Acupuncture remedy linked to hepatitis outbreak

AN obscure form of acupuncture treatment has been linked to one of the worst outbreaks of the potentially deadly virus hepatitis B since the war.

Health officials have now confirmed 21 cases of the virus and it is feared that the number could double as more blood tests are analysed.

The outbreak was first revealed in The Independent in February when three patients fell ill. All 21 victims had attended an alternative medicine centre in north London and were given a treatment called haemotherapy.

The unorthodox treatment involves injecting the patients' blood, mixed with other solutions, back into their body through acupuncture points in their toes, knees, heads and elsewhere.

The Finchley Alternative Medical Centre has agreed to stop the controversial treatment while an investigation is carried out by Barnet Health Authority into the cause of the outbreak. Inquiries are also being made by the Health and Safety Executive.

Patients came to the centre from all over the country and medical records show that 219 people were given haemotherapy. They have all been asked to supply blood for testing at the Public Health Laboratory Service Communicable Diseases Surveillance Centre in London. This weekend a Barnet Health Authority spokeswoman said: "We have 21 confirmed cases so far. Over 100 tests are still to come in and roughly one in six are coming back positive."

Many of the victims are being treated by Professor Geoffrey Duscheiko, a liver specialist at the Royal Free Hospital in north-west London. Professor Duscheiko said that the outbreak was highly unusual both in scale and because many patients were still incubating the virus.

"They are all at various stages of hepatitis, but fortunately none of them are in a life-threatening situation," he said. "They will need careful watching as so many of them are in an early stage."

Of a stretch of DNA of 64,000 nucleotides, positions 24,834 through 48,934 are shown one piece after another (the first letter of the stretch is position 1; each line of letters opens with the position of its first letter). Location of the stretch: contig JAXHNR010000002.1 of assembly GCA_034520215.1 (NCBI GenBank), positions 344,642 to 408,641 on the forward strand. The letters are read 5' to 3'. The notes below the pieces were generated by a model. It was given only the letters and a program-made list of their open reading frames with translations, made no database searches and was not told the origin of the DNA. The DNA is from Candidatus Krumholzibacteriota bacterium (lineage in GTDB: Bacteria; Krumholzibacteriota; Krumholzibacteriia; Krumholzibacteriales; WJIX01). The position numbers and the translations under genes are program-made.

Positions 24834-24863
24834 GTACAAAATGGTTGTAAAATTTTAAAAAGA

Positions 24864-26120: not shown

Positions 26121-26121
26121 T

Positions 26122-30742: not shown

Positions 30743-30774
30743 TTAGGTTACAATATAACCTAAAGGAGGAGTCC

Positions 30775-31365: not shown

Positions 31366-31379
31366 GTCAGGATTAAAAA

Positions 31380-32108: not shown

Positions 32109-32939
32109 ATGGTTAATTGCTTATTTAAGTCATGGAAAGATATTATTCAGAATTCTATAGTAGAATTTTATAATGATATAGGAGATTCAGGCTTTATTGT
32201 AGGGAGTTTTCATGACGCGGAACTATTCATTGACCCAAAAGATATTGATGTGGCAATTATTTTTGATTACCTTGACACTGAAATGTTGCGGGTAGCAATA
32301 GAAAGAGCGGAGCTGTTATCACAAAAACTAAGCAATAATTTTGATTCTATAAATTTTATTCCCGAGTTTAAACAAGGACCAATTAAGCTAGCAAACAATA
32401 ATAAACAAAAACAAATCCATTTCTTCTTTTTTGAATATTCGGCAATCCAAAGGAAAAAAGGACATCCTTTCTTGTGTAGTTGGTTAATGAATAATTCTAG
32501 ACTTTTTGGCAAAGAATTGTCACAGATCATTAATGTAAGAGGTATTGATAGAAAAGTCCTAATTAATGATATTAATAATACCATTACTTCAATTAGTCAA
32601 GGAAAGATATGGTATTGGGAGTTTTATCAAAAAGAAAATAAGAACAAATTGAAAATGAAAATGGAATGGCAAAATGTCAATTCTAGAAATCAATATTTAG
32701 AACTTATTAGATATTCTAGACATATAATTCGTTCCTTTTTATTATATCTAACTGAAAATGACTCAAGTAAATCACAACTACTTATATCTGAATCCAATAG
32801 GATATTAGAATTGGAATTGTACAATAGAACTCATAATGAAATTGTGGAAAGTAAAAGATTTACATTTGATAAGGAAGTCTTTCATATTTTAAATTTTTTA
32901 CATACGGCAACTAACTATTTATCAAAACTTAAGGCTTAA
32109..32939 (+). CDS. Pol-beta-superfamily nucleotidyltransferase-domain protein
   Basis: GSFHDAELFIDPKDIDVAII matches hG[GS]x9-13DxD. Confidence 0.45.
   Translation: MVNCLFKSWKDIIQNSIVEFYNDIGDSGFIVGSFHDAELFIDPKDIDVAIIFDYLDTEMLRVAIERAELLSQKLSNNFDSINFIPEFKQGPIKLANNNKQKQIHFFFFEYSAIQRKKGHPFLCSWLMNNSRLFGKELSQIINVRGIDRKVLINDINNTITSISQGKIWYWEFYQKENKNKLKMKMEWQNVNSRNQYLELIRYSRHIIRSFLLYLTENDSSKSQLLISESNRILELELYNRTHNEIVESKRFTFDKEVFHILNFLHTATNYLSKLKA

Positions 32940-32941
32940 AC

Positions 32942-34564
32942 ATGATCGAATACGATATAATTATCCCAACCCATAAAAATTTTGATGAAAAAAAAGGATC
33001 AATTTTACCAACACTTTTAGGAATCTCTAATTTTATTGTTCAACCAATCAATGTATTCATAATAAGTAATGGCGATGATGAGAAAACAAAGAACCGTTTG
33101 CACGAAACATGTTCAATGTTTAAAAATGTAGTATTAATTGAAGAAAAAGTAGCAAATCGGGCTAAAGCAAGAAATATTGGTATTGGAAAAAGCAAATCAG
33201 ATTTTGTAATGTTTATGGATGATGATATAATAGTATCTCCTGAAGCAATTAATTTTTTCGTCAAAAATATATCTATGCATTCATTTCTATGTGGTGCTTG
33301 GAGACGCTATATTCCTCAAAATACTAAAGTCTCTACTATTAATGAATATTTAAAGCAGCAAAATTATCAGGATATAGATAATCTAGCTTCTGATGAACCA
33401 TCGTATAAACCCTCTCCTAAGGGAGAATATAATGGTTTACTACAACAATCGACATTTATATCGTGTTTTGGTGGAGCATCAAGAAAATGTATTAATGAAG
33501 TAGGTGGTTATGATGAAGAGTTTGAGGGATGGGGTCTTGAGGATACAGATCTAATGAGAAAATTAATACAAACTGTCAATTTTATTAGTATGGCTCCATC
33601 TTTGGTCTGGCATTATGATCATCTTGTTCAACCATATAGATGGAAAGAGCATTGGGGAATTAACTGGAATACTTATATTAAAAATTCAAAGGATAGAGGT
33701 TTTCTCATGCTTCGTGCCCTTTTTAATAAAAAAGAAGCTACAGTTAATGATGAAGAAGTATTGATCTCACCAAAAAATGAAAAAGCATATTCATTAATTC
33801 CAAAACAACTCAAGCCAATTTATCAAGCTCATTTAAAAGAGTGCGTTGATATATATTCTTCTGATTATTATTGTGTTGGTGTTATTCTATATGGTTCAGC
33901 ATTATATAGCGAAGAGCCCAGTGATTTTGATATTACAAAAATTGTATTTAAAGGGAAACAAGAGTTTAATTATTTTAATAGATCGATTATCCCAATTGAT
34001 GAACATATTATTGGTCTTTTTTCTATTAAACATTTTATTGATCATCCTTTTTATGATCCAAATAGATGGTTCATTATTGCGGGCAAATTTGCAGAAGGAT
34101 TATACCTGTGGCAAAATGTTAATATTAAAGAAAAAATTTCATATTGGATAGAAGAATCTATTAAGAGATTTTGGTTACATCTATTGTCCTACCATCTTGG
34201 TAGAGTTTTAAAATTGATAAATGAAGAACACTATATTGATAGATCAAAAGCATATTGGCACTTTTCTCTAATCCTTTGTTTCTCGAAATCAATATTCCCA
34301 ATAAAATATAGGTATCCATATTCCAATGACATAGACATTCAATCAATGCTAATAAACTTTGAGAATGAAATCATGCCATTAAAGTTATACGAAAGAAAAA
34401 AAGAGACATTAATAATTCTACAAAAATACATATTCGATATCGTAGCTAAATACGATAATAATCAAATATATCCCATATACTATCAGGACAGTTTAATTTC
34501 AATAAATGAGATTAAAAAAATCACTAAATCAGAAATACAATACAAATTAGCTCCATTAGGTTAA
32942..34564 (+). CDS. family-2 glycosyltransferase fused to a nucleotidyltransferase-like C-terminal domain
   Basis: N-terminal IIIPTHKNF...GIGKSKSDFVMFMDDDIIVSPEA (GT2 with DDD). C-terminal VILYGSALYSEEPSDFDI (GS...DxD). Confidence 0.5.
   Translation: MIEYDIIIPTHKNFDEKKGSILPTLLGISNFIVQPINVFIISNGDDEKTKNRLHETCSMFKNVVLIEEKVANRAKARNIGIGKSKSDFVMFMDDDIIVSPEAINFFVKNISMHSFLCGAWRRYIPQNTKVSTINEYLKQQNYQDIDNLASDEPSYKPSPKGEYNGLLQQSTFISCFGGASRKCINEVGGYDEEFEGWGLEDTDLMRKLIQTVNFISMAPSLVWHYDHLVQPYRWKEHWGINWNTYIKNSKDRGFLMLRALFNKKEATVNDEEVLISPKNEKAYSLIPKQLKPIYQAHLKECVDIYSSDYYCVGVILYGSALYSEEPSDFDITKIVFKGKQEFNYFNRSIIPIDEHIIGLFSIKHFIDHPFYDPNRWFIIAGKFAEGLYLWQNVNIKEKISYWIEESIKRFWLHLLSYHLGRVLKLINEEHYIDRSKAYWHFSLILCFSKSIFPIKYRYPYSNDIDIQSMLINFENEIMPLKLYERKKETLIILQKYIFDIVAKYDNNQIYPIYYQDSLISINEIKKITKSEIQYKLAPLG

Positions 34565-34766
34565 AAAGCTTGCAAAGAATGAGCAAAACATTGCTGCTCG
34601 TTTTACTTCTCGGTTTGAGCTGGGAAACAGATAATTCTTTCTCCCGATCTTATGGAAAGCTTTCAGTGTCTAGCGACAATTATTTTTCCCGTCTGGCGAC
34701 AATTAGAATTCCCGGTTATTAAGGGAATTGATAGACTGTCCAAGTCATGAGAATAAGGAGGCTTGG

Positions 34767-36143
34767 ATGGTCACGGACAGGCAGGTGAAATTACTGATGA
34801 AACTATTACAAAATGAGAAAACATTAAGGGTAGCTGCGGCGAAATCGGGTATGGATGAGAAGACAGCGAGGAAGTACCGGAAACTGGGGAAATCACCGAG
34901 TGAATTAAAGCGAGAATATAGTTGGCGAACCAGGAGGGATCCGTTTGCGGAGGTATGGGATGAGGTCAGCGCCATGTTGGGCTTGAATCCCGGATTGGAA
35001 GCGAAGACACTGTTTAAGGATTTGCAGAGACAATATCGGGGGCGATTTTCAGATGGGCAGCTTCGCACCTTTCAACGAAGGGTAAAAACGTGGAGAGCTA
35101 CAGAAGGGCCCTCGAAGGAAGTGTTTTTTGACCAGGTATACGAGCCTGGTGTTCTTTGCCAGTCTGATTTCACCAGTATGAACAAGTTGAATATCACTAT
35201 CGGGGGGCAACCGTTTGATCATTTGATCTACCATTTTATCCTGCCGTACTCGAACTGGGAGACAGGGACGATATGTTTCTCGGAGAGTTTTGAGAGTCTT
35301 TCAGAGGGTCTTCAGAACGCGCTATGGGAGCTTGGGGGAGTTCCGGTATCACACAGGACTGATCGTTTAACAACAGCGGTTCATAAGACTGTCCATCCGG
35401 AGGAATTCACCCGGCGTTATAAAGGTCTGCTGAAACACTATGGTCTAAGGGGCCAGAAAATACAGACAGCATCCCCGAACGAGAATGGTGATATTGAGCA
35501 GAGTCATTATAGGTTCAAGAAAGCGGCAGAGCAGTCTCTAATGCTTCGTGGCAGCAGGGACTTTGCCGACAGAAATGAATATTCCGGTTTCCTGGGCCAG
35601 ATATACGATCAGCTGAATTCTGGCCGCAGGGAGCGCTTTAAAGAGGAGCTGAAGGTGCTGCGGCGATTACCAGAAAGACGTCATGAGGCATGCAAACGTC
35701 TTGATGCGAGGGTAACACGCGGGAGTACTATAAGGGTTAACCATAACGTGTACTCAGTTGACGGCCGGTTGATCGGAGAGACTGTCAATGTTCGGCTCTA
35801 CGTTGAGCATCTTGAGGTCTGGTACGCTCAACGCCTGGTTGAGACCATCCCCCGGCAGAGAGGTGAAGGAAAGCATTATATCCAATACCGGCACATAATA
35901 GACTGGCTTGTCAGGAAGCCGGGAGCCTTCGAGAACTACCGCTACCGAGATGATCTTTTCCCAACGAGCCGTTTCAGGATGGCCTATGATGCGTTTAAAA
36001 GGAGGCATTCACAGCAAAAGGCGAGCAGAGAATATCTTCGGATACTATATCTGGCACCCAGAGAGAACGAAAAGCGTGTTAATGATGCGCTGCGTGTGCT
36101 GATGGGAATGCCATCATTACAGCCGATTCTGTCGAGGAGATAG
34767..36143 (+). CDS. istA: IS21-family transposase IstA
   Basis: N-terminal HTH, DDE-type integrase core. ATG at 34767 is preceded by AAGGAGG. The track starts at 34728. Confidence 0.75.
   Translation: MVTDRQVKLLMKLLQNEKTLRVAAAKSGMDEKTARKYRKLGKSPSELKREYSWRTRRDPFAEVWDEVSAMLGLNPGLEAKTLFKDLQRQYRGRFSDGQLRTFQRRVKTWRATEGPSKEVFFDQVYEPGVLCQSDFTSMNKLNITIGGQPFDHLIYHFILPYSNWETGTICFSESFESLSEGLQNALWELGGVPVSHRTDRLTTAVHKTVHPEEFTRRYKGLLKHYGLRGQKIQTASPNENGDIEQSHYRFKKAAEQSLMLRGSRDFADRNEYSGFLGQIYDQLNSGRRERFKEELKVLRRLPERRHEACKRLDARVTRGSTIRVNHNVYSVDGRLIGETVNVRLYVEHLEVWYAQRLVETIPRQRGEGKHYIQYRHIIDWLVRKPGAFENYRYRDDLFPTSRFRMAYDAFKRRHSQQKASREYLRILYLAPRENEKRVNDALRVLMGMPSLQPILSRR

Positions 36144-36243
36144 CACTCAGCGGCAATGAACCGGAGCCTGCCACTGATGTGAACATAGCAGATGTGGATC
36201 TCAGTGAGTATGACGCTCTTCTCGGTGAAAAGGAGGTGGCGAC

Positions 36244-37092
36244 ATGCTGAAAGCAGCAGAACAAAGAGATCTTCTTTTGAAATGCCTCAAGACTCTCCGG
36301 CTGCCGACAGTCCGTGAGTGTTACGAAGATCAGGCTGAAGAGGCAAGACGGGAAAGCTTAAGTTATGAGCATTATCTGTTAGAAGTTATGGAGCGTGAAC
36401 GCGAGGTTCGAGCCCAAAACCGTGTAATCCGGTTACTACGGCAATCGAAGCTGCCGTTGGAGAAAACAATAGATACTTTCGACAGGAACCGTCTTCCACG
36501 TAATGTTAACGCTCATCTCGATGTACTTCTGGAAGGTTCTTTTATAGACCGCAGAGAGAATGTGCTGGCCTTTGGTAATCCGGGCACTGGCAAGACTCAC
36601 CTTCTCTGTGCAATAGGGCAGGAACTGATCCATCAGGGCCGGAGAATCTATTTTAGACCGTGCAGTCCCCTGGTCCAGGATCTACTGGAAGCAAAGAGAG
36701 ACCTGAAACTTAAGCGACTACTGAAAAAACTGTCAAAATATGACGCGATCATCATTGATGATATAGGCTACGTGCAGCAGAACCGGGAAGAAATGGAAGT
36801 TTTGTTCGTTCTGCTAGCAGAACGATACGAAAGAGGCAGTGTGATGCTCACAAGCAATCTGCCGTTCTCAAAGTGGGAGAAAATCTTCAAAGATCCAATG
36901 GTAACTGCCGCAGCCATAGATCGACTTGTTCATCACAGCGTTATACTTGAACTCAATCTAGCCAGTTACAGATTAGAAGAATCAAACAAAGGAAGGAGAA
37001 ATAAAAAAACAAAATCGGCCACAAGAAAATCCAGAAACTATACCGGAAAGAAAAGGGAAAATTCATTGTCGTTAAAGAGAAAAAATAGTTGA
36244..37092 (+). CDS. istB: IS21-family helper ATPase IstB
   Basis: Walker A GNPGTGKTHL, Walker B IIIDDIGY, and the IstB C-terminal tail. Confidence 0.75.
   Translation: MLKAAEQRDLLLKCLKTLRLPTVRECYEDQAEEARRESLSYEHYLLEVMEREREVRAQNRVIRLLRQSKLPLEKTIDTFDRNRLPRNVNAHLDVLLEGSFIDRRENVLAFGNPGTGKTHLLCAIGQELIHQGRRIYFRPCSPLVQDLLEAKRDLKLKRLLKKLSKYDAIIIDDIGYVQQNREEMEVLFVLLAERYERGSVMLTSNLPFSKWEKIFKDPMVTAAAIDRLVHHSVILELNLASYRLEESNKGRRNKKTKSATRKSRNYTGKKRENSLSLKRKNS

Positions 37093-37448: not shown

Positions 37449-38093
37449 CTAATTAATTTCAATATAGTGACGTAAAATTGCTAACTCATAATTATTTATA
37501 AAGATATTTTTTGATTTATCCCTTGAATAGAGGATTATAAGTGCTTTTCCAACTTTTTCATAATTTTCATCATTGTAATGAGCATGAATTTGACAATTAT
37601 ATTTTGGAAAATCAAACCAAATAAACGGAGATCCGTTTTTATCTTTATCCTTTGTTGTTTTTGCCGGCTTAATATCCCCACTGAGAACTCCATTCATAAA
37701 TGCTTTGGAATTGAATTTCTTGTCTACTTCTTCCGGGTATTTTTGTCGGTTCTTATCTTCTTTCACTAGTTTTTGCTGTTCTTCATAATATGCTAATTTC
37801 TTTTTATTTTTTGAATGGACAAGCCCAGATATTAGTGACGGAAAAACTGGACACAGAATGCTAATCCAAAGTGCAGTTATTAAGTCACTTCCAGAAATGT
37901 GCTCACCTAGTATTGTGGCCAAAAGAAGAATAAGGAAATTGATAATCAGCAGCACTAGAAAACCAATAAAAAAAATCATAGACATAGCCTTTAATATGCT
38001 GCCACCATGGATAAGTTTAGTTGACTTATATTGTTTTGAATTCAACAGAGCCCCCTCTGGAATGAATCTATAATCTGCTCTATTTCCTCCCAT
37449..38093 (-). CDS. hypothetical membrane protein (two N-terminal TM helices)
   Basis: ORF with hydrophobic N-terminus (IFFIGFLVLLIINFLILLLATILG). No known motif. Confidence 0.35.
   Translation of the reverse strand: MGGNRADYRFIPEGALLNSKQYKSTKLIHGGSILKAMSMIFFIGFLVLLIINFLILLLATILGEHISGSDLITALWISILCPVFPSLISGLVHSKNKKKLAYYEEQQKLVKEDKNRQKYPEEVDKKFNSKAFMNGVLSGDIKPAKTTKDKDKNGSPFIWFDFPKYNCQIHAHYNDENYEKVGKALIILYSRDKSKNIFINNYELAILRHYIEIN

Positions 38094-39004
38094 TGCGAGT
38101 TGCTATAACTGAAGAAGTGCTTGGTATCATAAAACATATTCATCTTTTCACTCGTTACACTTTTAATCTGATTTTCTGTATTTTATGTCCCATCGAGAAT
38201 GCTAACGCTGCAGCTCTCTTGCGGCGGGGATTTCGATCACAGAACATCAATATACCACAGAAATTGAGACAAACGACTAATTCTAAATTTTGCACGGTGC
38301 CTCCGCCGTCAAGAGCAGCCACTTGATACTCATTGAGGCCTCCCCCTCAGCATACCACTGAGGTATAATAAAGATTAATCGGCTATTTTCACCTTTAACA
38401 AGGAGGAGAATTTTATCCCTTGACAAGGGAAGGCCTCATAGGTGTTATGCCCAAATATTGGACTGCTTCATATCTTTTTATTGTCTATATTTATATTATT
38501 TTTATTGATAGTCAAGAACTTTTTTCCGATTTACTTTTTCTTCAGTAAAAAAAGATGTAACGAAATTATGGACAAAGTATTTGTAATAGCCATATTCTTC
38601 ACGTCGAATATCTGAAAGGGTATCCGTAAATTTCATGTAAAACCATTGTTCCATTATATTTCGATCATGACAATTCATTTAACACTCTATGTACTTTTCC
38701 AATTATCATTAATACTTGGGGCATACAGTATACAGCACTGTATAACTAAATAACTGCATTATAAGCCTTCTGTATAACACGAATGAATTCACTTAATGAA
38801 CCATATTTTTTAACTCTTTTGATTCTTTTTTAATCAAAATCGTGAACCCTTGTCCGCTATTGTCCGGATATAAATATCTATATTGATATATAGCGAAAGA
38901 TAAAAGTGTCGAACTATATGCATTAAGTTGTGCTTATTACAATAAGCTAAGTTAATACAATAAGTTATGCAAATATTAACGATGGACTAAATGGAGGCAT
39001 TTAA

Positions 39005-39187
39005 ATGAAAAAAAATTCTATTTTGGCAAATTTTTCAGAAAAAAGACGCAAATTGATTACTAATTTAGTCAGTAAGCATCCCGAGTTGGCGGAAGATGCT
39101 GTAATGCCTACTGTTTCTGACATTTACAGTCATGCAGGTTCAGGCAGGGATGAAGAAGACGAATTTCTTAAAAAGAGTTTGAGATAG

It is feared that many people could be incubating hepatitis B with no knowledge that they have the virus, which can be passed on to sexual partners without the carrier having any symptoms. Barnet health officials believe it is one of the worst outbreaks of hepatitis in Britain for 50 years.

One of the victims, Fred Canty, a sales representative from Enfield in Middlesex, had visited the medical centre looking for treatment for an allergy which caused his tongue to swell up. Mr Canty, who was attracted to the centre last October by an advertisement in Yellow Pages, was given four treatments of haemotherapy.

"The doctor would fill a syringe with half an inch of my blood. Then he would mix it with fluids and serums. He injected it between my toes, between my thumb and index finger, in my trapezius muscle, and under my scalp; in all the acupuncture points," he said.

On 25 January, Mr Canty, 60, fell ill with a high fever. His doctor gave him blood tests and detected jaundice before referring him to Chase Farm Hospital in Enfield, where he was diagnosed with hepatitis. He is now considering legal action against the centre.

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